The Comhairle are reminding poultry keepers of the increased risk of Avian Influenza to domestic poultry. All appropriate and practicable steps must be taken to ensure that poultry are housed, or otherwise kept separate from wild birds.
Chickens and turkeys are especially susceptible to Avian Influenza and it is expected that all keepers will house their birds. This is the most effective way to minimise direct contact with wild birds, provided that the housing does not have entry points that can be exploited by wild birds.
Domestic ducks and geese must be kept completely separate from other poultry species as they often don’t show any signs of disease but can still pass it on to chickens, turkeys or other poultry species. Where small numbers of ducks and geese are kept, it may be possible to house them.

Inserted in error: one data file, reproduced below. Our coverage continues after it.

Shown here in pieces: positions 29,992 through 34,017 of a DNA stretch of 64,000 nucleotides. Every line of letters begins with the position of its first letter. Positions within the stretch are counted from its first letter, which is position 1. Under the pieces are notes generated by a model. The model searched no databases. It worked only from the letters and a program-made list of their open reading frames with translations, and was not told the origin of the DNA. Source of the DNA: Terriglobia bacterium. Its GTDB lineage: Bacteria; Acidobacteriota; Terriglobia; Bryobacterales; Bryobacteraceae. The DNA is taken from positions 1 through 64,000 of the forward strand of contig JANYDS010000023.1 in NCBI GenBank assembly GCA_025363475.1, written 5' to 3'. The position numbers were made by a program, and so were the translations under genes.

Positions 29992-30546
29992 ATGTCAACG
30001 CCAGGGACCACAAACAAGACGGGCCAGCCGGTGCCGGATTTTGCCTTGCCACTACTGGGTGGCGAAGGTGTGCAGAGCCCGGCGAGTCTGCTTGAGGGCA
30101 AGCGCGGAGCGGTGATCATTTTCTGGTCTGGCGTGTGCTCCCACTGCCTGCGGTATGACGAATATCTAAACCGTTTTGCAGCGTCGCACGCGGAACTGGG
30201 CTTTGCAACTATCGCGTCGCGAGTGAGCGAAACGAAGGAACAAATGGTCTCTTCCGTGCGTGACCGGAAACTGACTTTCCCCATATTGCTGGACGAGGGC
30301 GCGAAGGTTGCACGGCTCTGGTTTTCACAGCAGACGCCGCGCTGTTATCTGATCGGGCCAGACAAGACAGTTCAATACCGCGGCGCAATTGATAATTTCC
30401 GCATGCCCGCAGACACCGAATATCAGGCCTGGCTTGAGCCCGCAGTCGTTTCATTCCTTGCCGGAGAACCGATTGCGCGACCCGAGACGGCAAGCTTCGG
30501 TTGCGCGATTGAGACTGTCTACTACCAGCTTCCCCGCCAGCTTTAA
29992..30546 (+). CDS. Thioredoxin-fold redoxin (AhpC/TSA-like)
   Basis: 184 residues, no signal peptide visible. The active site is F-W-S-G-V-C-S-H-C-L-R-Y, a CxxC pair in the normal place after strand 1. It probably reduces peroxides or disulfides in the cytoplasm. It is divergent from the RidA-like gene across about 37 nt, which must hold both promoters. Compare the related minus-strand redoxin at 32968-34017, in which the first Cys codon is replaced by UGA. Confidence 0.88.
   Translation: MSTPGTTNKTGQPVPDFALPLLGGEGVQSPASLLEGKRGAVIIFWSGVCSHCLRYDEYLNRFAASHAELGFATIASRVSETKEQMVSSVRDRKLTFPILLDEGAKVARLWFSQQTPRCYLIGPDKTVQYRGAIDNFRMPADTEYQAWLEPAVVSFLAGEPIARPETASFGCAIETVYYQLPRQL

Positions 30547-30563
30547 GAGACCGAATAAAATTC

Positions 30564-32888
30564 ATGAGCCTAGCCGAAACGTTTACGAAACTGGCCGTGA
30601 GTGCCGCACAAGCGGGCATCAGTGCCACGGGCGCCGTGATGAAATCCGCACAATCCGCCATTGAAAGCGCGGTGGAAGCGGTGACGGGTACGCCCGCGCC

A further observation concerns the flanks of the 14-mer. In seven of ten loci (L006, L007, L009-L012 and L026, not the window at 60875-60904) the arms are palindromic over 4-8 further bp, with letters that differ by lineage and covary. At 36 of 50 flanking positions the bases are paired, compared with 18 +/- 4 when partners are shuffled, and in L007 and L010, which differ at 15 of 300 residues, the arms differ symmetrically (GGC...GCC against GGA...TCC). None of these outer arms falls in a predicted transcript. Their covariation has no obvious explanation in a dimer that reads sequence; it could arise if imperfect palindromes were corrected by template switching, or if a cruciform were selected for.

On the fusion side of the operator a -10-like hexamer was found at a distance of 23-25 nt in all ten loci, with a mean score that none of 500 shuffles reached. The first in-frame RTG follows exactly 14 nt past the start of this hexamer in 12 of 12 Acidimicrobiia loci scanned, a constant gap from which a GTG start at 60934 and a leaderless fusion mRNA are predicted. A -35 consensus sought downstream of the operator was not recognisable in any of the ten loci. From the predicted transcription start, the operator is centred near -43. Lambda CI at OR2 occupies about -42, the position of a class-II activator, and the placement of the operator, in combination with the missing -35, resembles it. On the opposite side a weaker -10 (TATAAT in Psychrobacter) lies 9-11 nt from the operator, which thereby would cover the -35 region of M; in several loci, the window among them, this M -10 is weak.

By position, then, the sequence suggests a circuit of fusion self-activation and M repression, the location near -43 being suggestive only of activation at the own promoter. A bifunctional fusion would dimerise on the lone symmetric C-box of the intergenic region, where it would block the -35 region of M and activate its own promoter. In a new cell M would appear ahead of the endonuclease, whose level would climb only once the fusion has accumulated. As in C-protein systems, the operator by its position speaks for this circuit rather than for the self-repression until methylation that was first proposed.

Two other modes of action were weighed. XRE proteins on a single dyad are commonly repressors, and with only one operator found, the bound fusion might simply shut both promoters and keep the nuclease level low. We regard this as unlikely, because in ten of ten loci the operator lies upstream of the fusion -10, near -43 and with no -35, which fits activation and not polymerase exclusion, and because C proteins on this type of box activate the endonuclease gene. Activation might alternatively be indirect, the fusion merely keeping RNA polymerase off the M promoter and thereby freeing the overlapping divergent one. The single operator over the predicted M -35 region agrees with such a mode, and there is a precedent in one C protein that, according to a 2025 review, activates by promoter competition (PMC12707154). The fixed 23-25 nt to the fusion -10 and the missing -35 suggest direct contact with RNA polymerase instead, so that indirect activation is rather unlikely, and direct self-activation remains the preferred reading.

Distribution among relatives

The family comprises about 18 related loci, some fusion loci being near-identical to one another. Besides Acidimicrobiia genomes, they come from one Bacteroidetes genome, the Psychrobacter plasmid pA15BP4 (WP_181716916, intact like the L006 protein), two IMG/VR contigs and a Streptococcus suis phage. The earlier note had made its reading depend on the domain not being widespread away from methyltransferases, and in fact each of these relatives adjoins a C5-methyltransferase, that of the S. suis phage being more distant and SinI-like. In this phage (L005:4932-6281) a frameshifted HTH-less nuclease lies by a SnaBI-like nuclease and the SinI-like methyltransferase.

However, if that is not possible, ducks and geese should be kept in fully netted areas or temporary netted structures, even if it means confining them to a smaller area. All feeding and watering should take place indoors or under cover. You should consider using wild bird deterrents to prevent contact with wild birds. Ducks and geese should not be kept with other poultry species as they often don’t show any signs of disease, but can still pass it on to chickens, turkeys or other poultry species.
All keepers, regardless of how many birds they keep must meet these requirements.
For poultry flocks with fewer than 50 birds, although you are not required by law to register them, you are encouraged to do so, as this means you can be contacted if there is an outbreak of disease. This can be done on-line or by calling 08006341112 or emailing Customer.Registration@apha.gov.uk
Do not touch or pick up any dead or visibly sick birds that you find in the wild. If you find dead wild waterfowl (swans, geese or ducks) or gulls, or any other dead wild birds of other species in the same location you should report them to APHA on 03000600709.